Make no mistake, I am all about the kettlebell military press, but having spent a lot of time teaching newbies the ins and outs of kettlebell training, there is no better lift to work your strength and conditioning quite like the kettlebell swing.
The kettlebell swing is considered one of the six fundamental lifts of the kettlebell world (the other five being the clean, press, snatch, squat and Turkish getup). The swing demands a lot of power from your legs and lats, and will also demand a ton of core stabilization and strength to tame the kettlebell at the very top of your swing. Today, I want to break down the movement pattern of the swing itself starting with a precursor lift, the kettlebell deadlift.
The best way to start working your swing is to practice something called the hip hinge. I have a post about how to practice this with a PVC pipe if you are brand spanking new to this hinge technique itself. You can read more about it by clicking this link. To add weight to your hinge, start by placing a kettlebell between your feet. Use your hands to form a sort of crease at your hips and sit back as if you are sittingon an imaginary chair beyond you. Grab the kettlebell and pull your shoulders back (we call this “packing your shoulders” in the lifting world). You should immediately feel your lats start to engage. From here, stand straight up with the weight in your hands and let out an exhale at the top of your deadlift. As you descend, hinge at the hips to place your kettlebell back down to the floor.
Once you have mastered your kettlebell deadlift, you will be on your way to a fully executed swing. generally speaking, we teach a technique called the “pendulum swing” to make sure you understand how to stabilize yourself while swinging a kettlebell. You can read more about the pendulum swing here.
Startling like you would with a kettlebell deadlift, step behind your kettlebell to give yourself enough space to hike your kettlebell back. My general rule is about 6-8 inches behind the weight. Once you are behind your kettlebell, hinge at the hips and grab the kettlebell itself. tilt the kettlebell backward and pack your shoulders just like you did with your kettlebell deadlift. Once your shoulders are packed, hike your kettlebell back forcefully so the weight is behind you. Snap your hips forward and let your kettlebell float to chest level. I recommend giving a forceful exhale at the top of your swing to brace your abdominal muscles so the weight does not pull you forward. Maintain a tight grip on your swing for this reason too. Let your kettlebell float back down until you are hinged at the hips and the weight is behind you. Snap your hips again for the next rep.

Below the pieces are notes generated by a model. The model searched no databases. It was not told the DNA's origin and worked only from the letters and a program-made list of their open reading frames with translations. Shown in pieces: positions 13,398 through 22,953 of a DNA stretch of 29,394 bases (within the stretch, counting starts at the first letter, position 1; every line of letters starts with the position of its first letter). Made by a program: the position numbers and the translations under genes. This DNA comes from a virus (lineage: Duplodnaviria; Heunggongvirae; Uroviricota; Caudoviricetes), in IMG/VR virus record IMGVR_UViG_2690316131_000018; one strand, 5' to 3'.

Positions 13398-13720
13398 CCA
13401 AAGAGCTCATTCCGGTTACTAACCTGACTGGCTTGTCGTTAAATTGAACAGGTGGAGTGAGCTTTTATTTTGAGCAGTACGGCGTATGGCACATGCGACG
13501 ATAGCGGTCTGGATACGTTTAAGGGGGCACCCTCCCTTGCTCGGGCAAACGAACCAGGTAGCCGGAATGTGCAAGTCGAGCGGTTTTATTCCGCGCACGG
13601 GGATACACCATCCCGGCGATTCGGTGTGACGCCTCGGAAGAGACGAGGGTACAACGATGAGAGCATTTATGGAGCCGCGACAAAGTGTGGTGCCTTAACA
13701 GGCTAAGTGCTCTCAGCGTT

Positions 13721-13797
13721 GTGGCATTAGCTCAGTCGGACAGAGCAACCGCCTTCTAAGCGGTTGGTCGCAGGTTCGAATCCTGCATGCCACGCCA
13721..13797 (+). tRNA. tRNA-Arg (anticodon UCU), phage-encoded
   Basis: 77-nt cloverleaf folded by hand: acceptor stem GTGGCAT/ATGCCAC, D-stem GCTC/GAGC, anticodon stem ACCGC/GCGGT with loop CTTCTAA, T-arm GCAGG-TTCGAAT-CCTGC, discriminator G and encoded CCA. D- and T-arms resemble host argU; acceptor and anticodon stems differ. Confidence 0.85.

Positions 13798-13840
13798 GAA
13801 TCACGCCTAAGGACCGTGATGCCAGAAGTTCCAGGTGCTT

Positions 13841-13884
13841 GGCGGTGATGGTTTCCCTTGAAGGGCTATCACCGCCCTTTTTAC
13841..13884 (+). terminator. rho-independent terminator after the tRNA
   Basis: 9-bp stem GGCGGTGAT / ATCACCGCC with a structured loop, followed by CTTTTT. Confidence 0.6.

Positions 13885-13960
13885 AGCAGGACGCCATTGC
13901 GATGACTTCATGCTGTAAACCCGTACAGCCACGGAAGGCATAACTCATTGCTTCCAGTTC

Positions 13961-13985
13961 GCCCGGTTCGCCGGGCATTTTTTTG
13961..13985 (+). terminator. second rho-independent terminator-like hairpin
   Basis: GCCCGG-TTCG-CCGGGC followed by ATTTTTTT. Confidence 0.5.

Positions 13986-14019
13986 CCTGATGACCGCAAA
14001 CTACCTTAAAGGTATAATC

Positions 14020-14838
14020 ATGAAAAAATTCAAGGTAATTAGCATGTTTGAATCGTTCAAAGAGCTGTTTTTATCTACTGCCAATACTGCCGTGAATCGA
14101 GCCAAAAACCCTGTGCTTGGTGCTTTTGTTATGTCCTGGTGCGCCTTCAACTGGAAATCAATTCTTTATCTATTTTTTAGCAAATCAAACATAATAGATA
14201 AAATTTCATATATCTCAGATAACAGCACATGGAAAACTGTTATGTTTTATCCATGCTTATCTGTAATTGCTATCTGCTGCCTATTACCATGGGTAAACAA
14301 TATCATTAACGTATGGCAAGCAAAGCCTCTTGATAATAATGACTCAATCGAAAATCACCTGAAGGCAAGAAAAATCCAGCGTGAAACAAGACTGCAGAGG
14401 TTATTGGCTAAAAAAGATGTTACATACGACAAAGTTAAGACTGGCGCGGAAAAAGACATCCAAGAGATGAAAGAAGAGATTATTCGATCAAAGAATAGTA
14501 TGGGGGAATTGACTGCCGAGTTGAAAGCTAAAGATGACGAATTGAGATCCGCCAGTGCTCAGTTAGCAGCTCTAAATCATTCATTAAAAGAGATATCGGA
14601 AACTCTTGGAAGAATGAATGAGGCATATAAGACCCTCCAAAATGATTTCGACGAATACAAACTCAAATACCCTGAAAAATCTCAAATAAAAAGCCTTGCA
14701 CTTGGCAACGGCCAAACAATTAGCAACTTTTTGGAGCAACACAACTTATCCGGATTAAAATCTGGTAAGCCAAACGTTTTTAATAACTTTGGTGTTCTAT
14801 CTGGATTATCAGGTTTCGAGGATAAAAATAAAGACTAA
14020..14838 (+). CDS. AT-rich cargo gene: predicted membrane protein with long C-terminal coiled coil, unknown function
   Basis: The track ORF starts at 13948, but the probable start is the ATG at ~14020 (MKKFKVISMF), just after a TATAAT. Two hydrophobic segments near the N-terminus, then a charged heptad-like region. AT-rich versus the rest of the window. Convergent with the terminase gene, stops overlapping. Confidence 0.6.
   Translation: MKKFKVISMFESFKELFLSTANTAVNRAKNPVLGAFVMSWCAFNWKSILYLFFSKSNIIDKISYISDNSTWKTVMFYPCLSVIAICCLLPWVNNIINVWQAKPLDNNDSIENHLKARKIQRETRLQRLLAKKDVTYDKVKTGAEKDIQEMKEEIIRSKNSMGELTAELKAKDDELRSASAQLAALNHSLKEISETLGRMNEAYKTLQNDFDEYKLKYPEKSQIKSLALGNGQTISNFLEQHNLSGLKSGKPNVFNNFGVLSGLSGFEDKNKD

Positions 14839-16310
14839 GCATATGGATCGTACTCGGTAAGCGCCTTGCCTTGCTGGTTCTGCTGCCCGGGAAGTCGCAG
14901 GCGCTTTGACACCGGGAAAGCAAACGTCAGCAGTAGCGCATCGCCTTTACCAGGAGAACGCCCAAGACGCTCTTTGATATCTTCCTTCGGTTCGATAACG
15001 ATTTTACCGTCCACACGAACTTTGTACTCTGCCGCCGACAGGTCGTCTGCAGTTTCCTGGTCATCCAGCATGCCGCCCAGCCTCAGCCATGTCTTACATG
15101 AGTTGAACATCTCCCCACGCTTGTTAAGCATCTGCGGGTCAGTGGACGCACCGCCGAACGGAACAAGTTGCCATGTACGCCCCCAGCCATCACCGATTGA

For single arm swings, all of your set up is the same but you WILL be slightly off center since you are using just one arm to swing your kettlebell. Taking the time to pause and pack your shoulder on each arm will help you stay centered each rep through your swing. As for executing your swing, it is identical to the technique you have with your two handed swing.
I have a a nice little swing cycle for you to test out this month. I recommend factoring in this protocol 2x a week for extra conditioning work. At the end of 3 weeks, test your two handed and single arm swings at 1 kettlebell size heavier than you started with.
Two handed Swings: 30/45 pace for 10 sets
Single Arm Swings: 30/30 pace for 10 minutes
Two Handed swings: 30/40 pace for 10 sets
Single Arm Swings: 15/15 pace for 10 minutes
Two Handed swings: 30/30 pace for 10 minutes
Single Arm Swings: 20/10 pace for 10 minutes
Week 4: Test 10 rep max on two handed swings and single arm swings 1 kettlebell size heavier than when you started.
Ready for more? Join my FREE coaching forum by clicking this link and show us your kettlebell swings! I will be posting my own swings in the coming weeks. Let me know if you have any questions about your kettlebell swings by emailing me at janelle@Janellepica.com. If you are ready to dig into some serious kettlebell programming yourself, join my VIP coaching program today!
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